A survivor of the battle added, “When his party was in danger, Mr. Smith was always among the foremost to meet it, and the last to fly. Those who saw him on shore, at the Riccaree fight … can attest to the truth of this assertion.” It was not to be the last of Smith’s escapes from Indians. He also survived major fights with the Mojaves in 1827 and the Kelawatsets in 1828.

Grizzly bears also tried to kill Jedediah Smith, three times over. The first bear came the closest to getting it done. Smith was leading a small group of mountain men through a brushy bottom, the men walking single file leading their tired horses, when a large grizzly suddenly charged unprovoked downhill toward the center of their line. But instead of grabbing the first man or horse it came to, the bear made a 90-degree turn and rushed to the front of the line, attacking Smith.

Taking Jedediah’s head in its mouth, the bear slammed him to the ground, ripping his scalp from his skull. The bear then clawed and bit Smith mid-body, not only breaking the handle of his knife but also breaking several ribs. Quickly recovering from their shock, the other men used their rifles to fire ball after ball into the big bear at close range before “Old Ephraim” finally released its jaws and died.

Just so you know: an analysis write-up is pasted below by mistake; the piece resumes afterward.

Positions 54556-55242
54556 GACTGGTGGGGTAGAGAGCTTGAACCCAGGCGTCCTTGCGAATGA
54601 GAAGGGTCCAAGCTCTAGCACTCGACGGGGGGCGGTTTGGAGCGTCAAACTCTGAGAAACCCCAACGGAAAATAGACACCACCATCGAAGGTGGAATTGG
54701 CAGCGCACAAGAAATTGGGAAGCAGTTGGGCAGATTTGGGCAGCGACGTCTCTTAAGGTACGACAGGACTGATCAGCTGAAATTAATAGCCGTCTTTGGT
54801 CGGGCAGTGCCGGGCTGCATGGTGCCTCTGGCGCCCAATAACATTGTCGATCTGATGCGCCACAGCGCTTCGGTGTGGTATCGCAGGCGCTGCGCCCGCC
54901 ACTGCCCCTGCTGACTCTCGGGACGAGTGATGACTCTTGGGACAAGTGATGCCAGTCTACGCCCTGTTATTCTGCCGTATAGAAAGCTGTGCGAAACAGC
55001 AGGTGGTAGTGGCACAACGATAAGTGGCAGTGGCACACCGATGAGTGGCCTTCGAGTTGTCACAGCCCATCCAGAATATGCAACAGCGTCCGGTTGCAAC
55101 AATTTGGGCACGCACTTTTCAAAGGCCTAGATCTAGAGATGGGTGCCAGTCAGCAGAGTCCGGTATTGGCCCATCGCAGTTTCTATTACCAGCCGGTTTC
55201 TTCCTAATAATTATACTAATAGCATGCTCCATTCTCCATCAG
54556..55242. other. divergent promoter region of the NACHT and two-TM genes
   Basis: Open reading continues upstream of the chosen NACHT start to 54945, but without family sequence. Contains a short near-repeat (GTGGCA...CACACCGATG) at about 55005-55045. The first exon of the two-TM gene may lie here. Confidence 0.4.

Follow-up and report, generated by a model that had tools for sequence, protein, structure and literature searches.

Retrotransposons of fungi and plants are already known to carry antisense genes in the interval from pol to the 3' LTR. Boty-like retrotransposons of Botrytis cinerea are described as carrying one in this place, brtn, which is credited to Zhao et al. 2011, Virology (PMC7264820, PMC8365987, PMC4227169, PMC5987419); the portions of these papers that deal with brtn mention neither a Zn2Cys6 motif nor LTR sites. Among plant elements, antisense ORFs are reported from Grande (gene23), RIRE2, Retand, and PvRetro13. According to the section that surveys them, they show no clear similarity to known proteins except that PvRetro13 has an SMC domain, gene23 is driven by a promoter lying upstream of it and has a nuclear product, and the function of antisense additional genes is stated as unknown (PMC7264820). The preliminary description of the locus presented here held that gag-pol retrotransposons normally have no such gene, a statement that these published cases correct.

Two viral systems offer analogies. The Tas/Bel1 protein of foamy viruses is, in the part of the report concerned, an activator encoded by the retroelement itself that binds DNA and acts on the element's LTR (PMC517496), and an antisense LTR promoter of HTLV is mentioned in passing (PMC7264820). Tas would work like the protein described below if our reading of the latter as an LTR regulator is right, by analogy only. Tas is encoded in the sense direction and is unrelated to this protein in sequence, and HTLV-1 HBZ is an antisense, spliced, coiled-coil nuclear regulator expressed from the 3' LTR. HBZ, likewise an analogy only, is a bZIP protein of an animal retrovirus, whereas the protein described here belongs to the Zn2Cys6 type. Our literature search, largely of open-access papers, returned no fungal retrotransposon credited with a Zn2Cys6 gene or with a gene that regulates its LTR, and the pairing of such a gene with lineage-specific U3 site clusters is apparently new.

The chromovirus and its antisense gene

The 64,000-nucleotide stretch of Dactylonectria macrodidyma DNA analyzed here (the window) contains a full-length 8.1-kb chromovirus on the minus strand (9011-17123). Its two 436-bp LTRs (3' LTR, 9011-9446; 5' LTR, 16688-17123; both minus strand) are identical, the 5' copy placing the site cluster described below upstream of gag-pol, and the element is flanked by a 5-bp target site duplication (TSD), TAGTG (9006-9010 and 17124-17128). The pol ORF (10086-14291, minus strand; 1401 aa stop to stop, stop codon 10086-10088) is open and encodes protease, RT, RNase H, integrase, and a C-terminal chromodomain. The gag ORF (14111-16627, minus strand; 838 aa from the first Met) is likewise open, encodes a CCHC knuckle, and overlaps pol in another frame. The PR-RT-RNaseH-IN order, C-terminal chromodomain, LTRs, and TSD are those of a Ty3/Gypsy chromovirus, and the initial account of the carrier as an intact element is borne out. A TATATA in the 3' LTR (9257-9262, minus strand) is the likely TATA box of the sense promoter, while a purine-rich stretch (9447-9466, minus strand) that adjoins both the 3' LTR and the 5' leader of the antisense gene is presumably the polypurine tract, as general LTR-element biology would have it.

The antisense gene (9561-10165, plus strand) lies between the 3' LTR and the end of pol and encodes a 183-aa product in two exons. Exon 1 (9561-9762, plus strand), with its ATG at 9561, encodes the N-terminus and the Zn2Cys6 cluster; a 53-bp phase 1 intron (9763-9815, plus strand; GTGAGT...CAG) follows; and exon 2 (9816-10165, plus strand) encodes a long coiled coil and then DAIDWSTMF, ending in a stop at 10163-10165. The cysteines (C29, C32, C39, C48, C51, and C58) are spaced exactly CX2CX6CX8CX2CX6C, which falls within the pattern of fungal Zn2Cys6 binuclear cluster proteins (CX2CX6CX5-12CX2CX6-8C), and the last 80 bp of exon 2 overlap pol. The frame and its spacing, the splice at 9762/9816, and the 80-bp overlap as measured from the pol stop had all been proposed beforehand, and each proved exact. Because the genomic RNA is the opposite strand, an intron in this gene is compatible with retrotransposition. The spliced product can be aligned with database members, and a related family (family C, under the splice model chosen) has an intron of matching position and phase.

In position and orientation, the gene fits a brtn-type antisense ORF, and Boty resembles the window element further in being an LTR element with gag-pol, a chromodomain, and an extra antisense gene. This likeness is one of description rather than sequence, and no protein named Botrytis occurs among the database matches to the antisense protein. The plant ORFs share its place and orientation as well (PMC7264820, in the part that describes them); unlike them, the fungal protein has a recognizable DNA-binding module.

Jedediah Smith was a bloody mess, but not dead. Not quite knowing what to do next, the men asked him what they could do to help. “If you have a needle and thread, get it out and sew up my wounds around my head,” he said. No one wanted that job, but mountain man Jim Clyman reluctantly volunteered. “…got a pair of scissors and cut off his hair and then began my first job of dressing wounds,” he later wrote. Clyman was even able to reattach Smith’s dangling ear.

Miraculously, Jedediah somehow survived that grizzly attack, and just two weeks later was once again well enough to begin leading the men. Not surprisingly, he bore evidence of the attack for the rest of his life, growing his hair as long as possible to cover the red, ragged scars.

After proving himself as a trapper and reliable leader, Smith had the opportunity to become part owner of a fur company. Ashley was selling out, and his interests were bought by Smith and two other capable mountain men, William L. Sublette and David Jackson. The three partners agreed that Sublette and Jackson would return to trapping and trading in the headwaters of the Missouri, while Smith would probe new areas for beaver even further west. The next several years saw Smith making multiple trips to both California and Oregon. In his book A Life Wild and Perilous, author Robert M. Utley wrote,